Opinion: Spiritual abuse can often be hard to see but that doesn’t mean it isn’t there 

(Photo by Deborah Haak-Frost)

Disclaimer: I do not attend, have never attended, and know absolutely NOTHING about the recent allegations surrounding Riverside Church. My hope is that proper investigations are underway, and the situation will be handled appropriately.

I’ve never strayed too far from my Christian upbringing, but it was far enough away to where I didn’t feel like myself. Nothing was right. I felt lost, stressed, and disconnected from God. In the last year and a half I have really recommitted to walking with Christ, and what a supernatural experience that has been! I won’t get into that now though, maybe later.

When I look back at where I was, and at how everything was going wrong, I couldn’t blame anyone but myself for that disconnection. I created that separation, and by the grace of God was given the opportunity to return to Him on my own accord. On second thought, writing it that way makes it sound like I’m a saint. The truth is, I came face-to-face with my own mortality and in an instant, I knew that if it was my time to go, I wasn’t going out as a lukewarm Christian. It was an easy decision.

I’m back to what I was saying, I was living outside of God’s will for my life of my own accord. Not everyone can say that leaving the church (no particular religion or denomination) was of their own accord but rather they were pushed out, or left with no other option. Where I’m from, when someone no longer believes in/pursues God due to grievances associated with how they were treated by a religious organization’s leaders or members it was called “Church hurt.” The proper name for it though is spiritual abuse.

Spiritual abuse occurs when a religious leader, such as a pastor, deacon, worship leader, etc. uses their authority to dominate and manipulate those whom they are appointed to lead. This type of abuse can happen in reverse where a majority of the congregation turns on the spiritual leader, and lastly it can occur amongst members of a congregation. All of it is damaging but I am of the opinion it is most damaging when the abuse is caused by elders within the church.

Congregants expect leaders to have a more devoted walk with God. They are trusting and vulnerable while looking to them for wisdom and guidance. So when the abuse starts it can be hard to see.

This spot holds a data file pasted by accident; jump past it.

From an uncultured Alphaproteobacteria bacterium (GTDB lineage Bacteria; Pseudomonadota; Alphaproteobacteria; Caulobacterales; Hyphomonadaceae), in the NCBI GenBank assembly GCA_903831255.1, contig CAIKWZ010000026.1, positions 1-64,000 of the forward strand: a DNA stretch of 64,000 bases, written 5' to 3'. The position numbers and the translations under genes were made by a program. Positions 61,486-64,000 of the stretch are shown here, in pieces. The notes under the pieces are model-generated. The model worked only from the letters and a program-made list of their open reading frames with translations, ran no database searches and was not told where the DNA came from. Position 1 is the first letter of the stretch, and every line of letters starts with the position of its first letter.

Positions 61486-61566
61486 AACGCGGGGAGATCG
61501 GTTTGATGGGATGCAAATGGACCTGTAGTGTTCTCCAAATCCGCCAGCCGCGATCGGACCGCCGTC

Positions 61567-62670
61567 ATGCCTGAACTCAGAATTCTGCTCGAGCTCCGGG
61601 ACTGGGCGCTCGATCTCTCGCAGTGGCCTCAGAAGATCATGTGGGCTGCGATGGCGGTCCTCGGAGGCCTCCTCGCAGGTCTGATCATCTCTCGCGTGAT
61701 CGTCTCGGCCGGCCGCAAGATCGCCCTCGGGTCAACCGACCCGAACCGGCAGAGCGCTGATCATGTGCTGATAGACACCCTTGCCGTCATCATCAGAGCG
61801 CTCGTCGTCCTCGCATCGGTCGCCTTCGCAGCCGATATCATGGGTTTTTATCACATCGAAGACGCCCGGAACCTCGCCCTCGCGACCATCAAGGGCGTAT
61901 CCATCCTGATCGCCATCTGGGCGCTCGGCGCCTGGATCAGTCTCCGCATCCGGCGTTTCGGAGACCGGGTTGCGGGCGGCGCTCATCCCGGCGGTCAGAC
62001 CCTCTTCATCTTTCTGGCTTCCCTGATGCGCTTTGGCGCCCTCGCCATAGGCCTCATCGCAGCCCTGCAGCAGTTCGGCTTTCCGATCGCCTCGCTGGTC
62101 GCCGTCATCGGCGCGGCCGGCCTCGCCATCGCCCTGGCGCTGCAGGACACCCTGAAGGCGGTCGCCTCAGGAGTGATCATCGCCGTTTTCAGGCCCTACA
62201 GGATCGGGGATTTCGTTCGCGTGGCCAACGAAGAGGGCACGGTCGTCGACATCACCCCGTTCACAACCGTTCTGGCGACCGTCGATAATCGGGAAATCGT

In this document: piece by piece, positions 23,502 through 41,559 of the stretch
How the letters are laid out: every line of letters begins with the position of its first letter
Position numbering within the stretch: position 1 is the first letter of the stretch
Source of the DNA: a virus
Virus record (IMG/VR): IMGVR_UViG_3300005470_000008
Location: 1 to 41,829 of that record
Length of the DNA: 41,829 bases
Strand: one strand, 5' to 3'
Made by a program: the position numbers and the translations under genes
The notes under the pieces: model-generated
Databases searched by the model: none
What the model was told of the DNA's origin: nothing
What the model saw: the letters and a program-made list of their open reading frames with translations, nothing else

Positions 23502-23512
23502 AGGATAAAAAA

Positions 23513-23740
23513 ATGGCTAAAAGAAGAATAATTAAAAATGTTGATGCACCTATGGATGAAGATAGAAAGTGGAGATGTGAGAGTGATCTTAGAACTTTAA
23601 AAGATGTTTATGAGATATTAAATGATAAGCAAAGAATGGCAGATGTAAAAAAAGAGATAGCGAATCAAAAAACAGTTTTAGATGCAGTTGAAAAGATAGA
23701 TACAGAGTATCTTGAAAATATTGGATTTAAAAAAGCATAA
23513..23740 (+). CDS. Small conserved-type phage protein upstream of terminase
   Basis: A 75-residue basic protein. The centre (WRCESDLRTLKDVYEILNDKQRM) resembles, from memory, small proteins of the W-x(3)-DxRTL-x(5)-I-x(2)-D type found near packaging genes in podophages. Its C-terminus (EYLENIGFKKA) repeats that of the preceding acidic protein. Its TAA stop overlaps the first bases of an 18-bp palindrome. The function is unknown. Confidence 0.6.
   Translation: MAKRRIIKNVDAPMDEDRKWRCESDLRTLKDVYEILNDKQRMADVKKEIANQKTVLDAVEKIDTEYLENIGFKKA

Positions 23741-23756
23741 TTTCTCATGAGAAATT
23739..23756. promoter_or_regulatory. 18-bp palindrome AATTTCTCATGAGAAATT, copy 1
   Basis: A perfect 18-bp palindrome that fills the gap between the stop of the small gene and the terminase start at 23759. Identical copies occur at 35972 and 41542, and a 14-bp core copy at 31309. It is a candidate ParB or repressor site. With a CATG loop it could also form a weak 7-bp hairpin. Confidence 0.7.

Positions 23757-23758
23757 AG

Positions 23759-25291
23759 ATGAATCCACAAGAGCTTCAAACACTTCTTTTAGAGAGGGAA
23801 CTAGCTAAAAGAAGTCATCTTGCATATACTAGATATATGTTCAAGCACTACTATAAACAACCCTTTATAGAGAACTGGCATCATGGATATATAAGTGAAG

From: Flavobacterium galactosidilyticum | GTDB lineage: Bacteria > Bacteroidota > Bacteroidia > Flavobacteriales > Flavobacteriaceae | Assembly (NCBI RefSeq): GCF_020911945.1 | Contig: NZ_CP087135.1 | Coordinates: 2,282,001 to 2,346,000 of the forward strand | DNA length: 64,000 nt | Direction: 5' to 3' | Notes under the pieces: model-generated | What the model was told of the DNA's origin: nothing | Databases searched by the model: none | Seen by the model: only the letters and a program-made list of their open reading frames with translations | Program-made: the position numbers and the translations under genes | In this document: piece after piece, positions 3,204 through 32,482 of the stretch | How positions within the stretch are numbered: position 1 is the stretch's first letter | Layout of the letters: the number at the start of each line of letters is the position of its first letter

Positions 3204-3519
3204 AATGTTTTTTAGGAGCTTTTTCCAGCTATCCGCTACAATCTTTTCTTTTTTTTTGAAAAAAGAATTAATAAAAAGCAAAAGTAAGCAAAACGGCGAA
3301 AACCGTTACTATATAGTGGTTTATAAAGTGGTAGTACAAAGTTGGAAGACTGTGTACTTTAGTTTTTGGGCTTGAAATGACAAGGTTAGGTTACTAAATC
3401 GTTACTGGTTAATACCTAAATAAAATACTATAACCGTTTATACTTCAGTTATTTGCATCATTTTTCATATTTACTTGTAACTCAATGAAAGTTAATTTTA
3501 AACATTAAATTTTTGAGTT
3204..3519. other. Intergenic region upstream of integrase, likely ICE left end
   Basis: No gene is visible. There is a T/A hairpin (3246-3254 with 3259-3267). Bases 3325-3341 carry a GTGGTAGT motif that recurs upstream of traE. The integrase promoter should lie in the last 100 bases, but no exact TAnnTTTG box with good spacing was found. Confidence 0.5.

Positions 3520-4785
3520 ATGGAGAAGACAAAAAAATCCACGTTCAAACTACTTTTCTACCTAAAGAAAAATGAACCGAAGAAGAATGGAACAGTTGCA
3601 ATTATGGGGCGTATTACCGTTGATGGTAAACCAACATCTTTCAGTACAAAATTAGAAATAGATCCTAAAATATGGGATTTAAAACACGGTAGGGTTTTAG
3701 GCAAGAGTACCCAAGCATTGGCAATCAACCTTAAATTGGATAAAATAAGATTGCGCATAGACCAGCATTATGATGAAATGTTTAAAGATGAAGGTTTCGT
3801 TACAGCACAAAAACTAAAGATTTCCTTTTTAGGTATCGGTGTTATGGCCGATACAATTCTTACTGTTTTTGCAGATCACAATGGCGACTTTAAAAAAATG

It can sometimes look like micromanagement of church staff, an expectation of obedience without questioning decisions, being silenced, or being shunned. It can also look like being required to dedicate long and tedious hours to achieving the pastor’s vision. It can look like regulating major life choices in an authoritative, domineering type of way.

Common examples include feeling forced into marriage to make up for previous sin, or continuing to suffer within a marriage that has more than met the biblical parameters for divorce. At the beginning of the pandemic I witnessed a new one, which was pastors harshly berating members and challenging the strength of their faith for not attending in person services despite COVID mandates in order to get bodies back into the pews.

The examples go on and on. What they have in common is the misuse of authority with the aim of achieving what the leader has determined to be their spiritual goals. Members are forced to question their own judgment and relationship with God.

God does not ask for us to work to the point of exhaustion. He does not call for us to move His kingdom forward while neglecting our own families, and the point of scripture is not for the purpose of fear-mongering. It’s sad to think about the number of people who have been driven away from the love of God because of power hungry, money hungry, lust driven “spiritual” leaders.

Maybe the leaders didn’t start out that way. Maybe they were blinded and lost their way over time. No one is perfect.

Before making allegations, it’s important to be very sure that spiritual abuse is happening and not personalities clashing. If a spiritual leader is being a good steward of their office this will include pointing out sin which may be difficult to accept. However if after investigating, a harmful pattern emerges, it must be corrected and sometimes that includes demotion because lives depend on it.

Never abandon personal discernment. Not even within the spiritual sect. A person’s title doesn’t always align with their heart posture. Gaslighting can happen in church too. So if you have to leave an environment because it is causing you trauma, leave. Leave the trauma, leave the person(s), leave a trail (by reporting it), but don’t leave God.

A native of Phoenix, Arizona Aundrea Sayrie is a firm believer in the power of words, faith and a strong spirit. Her greatest desire is to encourage those around her to discover and honor their truth, and to passionately live on purpose.


Any views or opinions expressed in “Living on Purpose” are those of the author and do not necessarily reflect the views or opinions of the Watershed Voice staff or its board of directors.

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